These baby barn swallows spend a lot of time peeking out of the nest waiting for mama to bring them some food. When the mother approaches, they set up an awful racket, peeping and screeching until she feeds each one in turn. According to the Cornell Lab of Ornithology, Barn swallows are the most abundant and widely distributed species of swallow. They are aerial foragers of insects, swooping and diving to catch their prey on the wing.
They once nested in caves, but now nest almost exclusively in manmade structures, tucked up in eaves and under docks.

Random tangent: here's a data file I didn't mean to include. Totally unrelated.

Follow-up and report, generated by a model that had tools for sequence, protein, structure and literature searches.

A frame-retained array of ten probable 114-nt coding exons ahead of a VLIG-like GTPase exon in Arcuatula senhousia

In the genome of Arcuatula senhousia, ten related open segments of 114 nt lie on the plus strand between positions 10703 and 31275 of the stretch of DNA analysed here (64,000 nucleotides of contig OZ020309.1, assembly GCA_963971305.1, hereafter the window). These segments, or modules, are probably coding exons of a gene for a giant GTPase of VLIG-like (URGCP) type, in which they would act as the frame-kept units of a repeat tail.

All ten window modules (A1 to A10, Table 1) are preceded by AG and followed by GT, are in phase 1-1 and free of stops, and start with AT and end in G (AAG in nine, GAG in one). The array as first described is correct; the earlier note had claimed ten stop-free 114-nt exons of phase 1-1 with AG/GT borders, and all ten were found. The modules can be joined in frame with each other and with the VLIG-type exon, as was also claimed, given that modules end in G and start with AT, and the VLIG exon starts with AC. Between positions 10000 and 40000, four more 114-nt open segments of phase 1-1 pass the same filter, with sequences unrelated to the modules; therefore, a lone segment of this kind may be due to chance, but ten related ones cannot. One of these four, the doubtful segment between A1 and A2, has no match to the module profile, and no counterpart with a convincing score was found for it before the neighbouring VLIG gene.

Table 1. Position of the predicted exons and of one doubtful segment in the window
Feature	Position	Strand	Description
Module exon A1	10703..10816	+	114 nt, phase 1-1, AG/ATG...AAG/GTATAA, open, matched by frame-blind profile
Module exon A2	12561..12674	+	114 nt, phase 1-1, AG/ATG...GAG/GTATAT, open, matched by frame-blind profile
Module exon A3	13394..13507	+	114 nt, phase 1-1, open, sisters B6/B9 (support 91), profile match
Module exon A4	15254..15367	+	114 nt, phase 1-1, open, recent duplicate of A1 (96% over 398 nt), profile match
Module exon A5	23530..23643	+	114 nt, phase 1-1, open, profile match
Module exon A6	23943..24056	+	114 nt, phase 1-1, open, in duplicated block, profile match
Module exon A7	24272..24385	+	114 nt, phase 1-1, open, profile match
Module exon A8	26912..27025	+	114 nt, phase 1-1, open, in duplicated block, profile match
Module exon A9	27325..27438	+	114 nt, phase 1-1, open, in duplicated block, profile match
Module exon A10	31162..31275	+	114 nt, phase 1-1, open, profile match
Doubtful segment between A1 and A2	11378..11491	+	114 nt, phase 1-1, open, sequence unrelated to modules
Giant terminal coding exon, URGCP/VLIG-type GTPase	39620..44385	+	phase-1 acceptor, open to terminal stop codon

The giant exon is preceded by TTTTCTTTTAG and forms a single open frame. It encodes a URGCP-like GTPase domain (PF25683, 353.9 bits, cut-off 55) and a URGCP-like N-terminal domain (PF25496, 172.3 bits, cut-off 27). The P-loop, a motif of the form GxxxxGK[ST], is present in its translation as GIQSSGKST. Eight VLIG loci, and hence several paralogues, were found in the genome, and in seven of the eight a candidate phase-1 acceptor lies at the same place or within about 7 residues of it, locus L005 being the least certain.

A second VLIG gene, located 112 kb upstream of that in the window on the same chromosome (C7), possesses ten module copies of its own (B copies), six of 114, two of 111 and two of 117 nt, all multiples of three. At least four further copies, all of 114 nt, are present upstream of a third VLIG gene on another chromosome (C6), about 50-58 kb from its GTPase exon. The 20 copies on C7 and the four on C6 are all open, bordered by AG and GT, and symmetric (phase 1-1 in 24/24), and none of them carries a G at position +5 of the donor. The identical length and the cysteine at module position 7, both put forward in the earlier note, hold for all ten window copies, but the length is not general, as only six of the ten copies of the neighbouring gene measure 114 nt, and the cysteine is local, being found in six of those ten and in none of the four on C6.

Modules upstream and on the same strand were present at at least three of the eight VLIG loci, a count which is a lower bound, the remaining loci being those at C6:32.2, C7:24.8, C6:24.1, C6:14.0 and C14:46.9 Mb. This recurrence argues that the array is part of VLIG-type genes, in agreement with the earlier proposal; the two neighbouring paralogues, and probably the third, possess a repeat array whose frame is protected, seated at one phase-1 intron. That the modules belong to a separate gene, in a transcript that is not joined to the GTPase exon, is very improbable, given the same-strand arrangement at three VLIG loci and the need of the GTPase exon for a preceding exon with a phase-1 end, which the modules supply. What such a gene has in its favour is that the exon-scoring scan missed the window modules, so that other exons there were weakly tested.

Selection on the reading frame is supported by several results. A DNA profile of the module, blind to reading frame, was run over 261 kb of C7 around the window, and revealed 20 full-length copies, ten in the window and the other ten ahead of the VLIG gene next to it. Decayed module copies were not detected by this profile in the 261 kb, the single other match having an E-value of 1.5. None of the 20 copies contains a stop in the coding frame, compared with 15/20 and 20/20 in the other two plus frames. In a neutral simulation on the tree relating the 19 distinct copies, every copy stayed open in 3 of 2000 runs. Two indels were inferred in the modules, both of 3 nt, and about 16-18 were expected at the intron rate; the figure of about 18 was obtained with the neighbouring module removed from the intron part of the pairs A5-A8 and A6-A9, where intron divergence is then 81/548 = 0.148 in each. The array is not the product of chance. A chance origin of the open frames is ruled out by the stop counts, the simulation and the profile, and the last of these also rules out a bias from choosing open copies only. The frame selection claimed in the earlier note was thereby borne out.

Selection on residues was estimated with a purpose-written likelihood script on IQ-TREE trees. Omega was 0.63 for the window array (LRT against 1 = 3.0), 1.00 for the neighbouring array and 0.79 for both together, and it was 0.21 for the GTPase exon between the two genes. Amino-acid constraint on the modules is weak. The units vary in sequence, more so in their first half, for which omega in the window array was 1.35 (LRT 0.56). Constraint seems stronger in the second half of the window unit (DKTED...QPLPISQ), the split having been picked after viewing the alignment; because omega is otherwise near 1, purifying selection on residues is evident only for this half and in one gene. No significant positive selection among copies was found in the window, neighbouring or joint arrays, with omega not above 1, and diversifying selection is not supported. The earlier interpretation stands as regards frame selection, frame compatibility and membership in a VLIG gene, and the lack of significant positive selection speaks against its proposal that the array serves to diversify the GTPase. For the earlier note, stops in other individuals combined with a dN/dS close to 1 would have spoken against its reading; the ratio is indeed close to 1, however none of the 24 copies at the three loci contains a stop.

This is one species of bird that has benefited from human activity; populations are increasing due to their ability to adapt to living in manmade structures.
These youngsters are close to fledging, but you can find nests on Dewees at Huyler House and near the ferry dock, as well as Big Bend and Lone Cedar docks.